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Preventing Heath Strokes

Ivan and his family came to Japan from Russia when he was transferred to the Japanese branch of his company. Both Maria, his wife, and Olga, his daughter, are surprised at their first experience of summer in Japan.

Maria

I heard that it was hot and humid in summer in Japan, but it is more than I expected. Olga, do you have any problems with your physical condition?

Olga

I'm all right, but one of my classmates, who was playing in the schoolyard during lunch break today, suddenly felt sick and was taken to the school clinic. I heard she had a slight heat stroke. Daddy, what is heat stroke?

Ivan

When one spends a lot of time in high temperature and humidity, it may be difficult to release body heat or lower the body temperature by evaporating sweat; this causes a heat stroke. Minor symptoms include dizziness, headache, and nausea; however, if the symptoms become severe, consciousness disorders may also occur.

Maria

People can die from heat stroke, so we have to be careful to prevent it.

Ivan

One of my colleagues said that we had to pay attention to heat stroke even in our office this summer.

Olga

What do you mean? Can someone suffer heat stroke even inside a building?

Ivan
Yes. Spending time in a humid, muggy room may trigger dehydration, even when you don't seem to be sweating. In some cases, this may even lead to heat stroke. As you know, this year we have to save electrical power by setting air conditioner temperatures higher than usual in our office. Even Japanese find it hard to get used to such an environment, especially if it's their first time.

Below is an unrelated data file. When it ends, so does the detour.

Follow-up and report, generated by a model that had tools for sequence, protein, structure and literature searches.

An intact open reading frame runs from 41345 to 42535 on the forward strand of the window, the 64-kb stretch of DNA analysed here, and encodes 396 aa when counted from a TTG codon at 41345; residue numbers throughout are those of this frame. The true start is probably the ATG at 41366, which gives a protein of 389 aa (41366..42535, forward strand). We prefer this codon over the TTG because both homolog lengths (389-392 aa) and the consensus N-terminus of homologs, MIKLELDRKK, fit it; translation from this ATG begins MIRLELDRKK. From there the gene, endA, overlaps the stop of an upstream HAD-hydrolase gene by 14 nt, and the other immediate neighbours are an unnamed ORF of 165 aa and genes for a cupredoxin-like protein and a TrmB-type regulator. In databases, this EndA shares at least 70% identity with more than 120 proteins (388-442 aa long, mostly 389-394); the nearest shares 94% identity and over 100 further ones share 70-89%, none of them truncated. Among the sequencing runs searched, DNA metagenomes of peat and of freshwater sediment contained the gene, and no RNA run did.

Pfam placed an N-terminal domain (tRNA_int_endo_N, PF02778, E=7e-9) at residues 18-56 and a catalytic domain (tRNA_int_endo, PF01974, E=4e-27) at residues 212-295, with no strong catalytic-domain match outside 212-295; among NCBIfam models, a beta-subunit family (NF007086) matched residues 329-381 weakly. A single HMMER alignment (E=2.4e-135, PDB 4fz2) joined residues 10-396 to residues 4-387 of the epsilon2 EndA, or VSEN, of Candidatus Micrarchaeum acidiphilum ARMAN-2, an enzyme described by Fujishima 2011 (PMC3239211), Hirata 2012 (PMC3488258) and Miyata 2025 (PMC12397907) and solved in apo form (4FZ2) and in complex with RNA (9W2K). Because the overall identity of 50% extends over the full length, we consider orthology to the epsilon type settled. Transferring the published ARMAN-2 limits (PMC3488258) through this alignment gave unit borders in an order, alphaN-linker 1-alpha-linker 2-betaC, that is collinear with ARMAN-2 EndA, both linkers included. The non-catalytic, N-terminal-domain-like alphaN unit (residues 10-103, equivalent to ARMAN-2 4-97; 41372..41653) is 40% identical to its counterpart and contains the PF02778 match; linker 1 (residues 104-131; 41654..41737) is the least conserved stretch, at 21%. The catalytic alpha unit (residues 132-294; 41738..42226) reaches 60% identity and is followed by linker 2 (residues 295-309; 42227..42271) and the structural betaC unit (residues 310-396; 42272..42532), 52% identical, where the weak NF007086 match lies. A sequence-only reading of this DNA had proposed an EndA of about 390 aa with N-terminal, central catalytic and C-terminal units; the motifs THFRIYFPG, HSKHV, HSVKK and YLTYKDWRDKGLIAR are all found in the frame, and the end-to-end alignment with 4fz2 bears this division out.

What can we do to help prevent heat stroke? Olga passes on some tips about avoiding heat strokes that she learned from her school nurse.

Olga

According to our school nurse, the most important thing you can do to prevent heat stroke is to keep yourself physically fit. Heat often causes a loss of appetite, and thus you should be sure to eat proper, nutritious meals, and to sleep well especially when it is hot. When you don't feel well, even if only slightly, you should not exercise outside, or even go outdoors, during the daytime.

Maria

What you wear is also very important. It's better to wear cool clothes with good air ventilation functions. I have heard that, these days, clothes and underwear made of materials that can "breathe" and absorb sweat are being sold. We should go and buy such clothes when we have a chance, such as on our days off.

Olga

Our teacher also told us that we should drink water frequently, even when we don't feel thirsty. Since we also lose body salts when we sweat, we have to replace these lost salts with water. On top of that, we should avoid sun exposure as much as possible when walking or doing other things outdoors.

Maria

I'll try to use a parasol, then. Ivan, Olga—I strongly recommend that you two wear a cap or hat when you go outside.

Ivan

It is also said that it is important to build up one's resistance to heat. If we get into the habit of sweating regularly, for example, by walking, we become better able to release body heat when necessary. We should have already done that, however, before the hot summer arrived!

Maria

Well, that is our assignment for preparing for next summer, then! Let's try to do moderate exercise, step by step, in order to get fit so that we can sweat more efficiently.

For more information on heat stroke as provided by the Ministry of the Environment, please:http://www.env.go.jp/chemi/heat_stroke/index.html (Japanese only)